Zaghari-Ratcliffe was released on Sunday at the end of a five-year prison sentence, but has been summoned to court again on another charge
Iran has released British-Iranian aid worker Nazanin Zaghari-Ratcliffe, removing her ankle tag after a five-year prison sentence, but she has been summoned again to court on another charge, her lawyer and a British lawmaker said on Sunday.
She was jailed for plotting to overthrow the clerical establishment.
"She was pardoned by Iran's supreme leader last year, but spent the last year of her term under house arrest with electronic shackles tied to her feet. Now they're cast off," Kermani told an Iranian website. "She has been freed."
Iran's judiciary was not immediately available to comment about the release.
British foreign minister Dominic Raab welcomed her release but said Iran's continued treatment of her remained "intolerable."
British lawmaker Tulip Siddiq said she had spoken to Zaghari-Ratcliffe's family and that they told her she had had her ankle tag removed, but has been summoned again to court.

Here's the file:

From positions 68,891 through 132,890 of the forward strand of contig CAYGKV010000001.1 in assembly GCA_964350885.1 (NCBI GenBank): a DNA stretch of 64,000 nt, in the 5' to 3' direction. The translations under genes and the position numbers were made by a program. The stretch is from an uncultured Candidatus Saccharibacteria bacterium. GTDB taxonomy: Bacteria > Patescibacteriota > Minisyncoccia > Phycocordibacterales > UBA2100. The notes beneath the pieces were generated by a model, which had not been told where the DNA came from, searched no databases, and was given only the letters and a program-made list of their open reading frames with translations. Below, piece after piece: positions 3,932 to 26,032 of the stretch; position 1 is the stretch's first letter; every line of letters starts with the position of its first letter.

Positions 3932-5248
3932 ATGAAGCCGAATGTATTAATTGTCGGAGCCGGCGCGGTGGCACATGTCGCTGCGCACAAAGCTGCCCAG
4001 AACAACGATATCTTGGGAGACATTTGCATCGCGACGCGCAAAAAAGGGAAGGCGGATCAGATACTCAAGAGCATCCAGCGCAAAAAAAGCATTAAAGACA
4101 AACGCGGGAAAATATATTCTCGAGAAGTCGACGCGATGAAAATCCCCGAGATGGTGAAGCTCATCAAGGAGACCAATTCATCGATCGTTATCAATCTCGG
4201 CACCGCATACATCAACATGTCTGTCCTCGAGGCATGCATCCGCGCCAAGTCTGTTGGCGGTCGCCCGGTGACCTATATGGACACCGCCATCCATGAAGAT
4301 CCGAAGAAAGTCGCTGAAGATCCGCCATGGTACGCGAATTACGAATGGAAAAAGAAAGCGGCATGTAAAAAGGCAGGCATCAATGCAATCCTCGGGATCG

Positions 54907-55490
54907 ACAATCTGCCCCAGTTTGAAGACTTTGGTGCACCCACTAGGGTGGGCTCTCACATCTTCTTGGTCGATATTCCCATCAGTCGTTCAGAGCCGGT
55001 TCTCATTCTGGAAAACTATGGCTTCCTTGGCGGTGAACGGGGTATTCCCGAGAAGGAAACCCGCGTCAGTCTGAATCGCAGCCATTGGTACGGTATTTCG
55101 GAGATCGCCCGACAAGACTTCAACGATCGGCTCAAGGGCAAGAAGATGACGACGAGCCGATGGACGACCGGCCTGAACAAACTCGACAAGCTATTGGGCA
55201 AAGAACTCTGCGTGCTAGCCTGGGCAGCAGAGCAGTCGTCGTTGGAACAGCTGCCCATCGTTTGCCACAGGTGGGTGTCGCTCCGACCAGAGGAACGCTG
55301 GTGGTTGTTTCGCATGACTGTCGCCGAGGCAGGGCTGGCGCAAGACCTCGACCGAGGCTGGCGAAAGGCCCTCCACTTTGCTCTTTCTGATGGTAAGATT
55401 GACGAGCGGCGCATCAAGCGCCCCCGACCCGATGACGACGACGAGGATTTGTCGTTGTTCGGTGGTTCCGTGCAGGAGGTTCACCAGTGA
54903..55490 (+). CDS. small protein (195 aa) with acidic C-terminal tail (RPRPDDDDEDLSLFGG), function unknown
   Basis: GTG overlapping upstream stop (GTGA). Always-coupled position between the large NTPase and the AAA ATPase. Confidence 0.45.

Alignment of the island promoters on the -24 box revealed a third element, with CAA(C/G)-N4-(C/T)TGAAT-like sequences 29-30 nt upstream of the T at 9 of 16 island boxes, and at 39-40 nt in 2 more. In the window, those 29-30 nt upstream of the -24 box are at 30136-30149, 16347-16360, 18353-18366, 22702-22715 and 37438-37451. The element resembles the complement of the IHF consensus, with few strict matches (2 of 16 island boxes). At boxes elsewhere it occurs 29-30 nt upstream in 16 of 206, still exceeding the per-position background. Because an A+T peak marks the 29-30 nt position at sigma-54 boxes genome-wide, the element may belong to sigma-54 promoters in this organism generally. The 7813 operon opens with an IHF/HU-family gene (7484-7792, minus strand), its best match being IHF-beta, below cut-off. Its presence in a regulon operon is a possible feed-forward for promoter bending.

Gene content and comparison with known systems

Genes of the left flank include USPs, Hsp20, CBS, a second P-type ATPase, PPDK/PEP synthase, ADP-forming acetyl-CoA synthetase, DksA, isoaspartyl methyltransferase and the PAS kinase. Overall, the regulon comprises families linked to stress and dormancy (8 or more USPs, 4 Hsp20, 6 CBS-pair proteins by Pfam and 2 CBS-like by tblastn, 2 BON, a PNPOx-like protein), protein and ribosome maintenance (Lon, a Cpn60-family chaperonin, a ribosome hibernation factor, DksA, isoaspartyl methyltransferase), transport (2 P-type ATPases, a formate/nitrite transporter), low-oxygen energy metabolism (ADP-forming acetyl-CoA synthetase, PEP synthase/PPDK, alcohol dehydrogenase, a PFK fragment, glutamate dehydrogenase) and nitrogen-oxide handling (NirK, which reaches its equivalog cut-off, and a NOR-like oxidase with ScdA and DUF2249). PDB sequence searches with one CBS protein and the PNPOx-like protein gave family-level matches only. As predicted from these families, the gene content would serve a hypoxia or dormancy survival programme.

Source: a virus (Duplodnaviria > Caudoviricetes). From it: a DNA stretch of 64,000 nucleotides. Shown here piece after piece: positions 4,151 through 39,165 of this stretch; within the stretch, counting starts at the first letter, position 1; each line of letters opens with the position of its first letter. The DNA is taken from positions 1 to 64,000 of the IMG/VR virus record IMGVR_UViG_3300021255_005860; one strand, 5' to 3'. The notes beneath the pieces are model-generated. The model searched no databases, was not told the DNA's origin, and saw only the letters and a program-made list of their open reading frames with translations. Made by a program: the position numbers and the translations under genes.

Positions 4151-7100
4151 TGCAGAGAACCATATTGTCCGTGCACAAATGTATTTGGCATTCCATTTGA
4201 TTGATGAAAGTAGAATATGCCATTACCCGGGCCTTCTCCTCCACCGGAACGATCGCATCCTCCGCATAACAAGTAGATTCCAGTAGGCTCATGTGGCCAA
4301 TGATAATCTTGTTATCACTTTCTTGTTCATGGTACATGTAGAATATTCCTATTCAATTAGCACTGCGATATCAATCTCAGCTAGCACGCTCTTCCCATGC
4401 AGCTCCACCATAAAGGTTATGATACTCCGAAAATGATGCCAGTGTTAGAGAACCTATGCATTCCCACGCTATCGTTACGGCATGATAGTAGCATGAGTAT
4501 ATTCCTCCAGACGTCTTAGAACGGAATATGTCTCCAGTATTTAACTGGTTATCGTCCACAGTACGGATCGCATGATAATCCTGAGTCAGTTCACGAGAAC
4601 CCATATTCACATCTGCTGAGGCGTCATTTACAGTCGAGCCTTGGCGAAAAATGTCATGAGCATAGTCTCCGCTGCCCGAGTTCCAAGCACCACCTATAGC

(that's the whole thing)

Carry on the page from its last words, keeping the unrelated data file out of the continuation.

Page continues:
"I have been in touch with Nazanin's family. Some news: 1) Thankfully her ankle tag has been removed. Her first trip will be to see her grandmother. 2) Less positive - she has been summoned once again to court next Sunday," Siddiq, who is the member of parliament for where Zaghari-Ratcliffe used to live, said on Twitter.
Kermani said a hearing for Zaghari-Ratcliffe's second case has been scheduled on March 8.
"In this case, she is accused of propaganda against the Islamic Republic's system for participating in a rally in front of the Iranian Embassy in London in 2009 and giving interview to the BBC Persian TV channel at the same time," Kermani said.
But he hoped that "this case will be closed at this stage, considering the previous investigation."
Zaghari-Ratcliffe, a project manager with the Thomson Reuters Foundation, was arrested at a Tehran airport in April 2016 as she prepared to head back to Britain with her daughter after a family visit.
She was later sentenced to five years in jail after being convicted of plotting to overthrow Iran's clerical establishment. Her family and the foundation, a charity that operates independently of media firm Thomson Reuters and its news subsidiary Reuters, deny the charge.
She was released from jail in March last year and put under house arrest in Tehran in response to concerns about the spread of Covid-19 in Iran's prisons, but her movements were restricted and she was barred from leaving the country.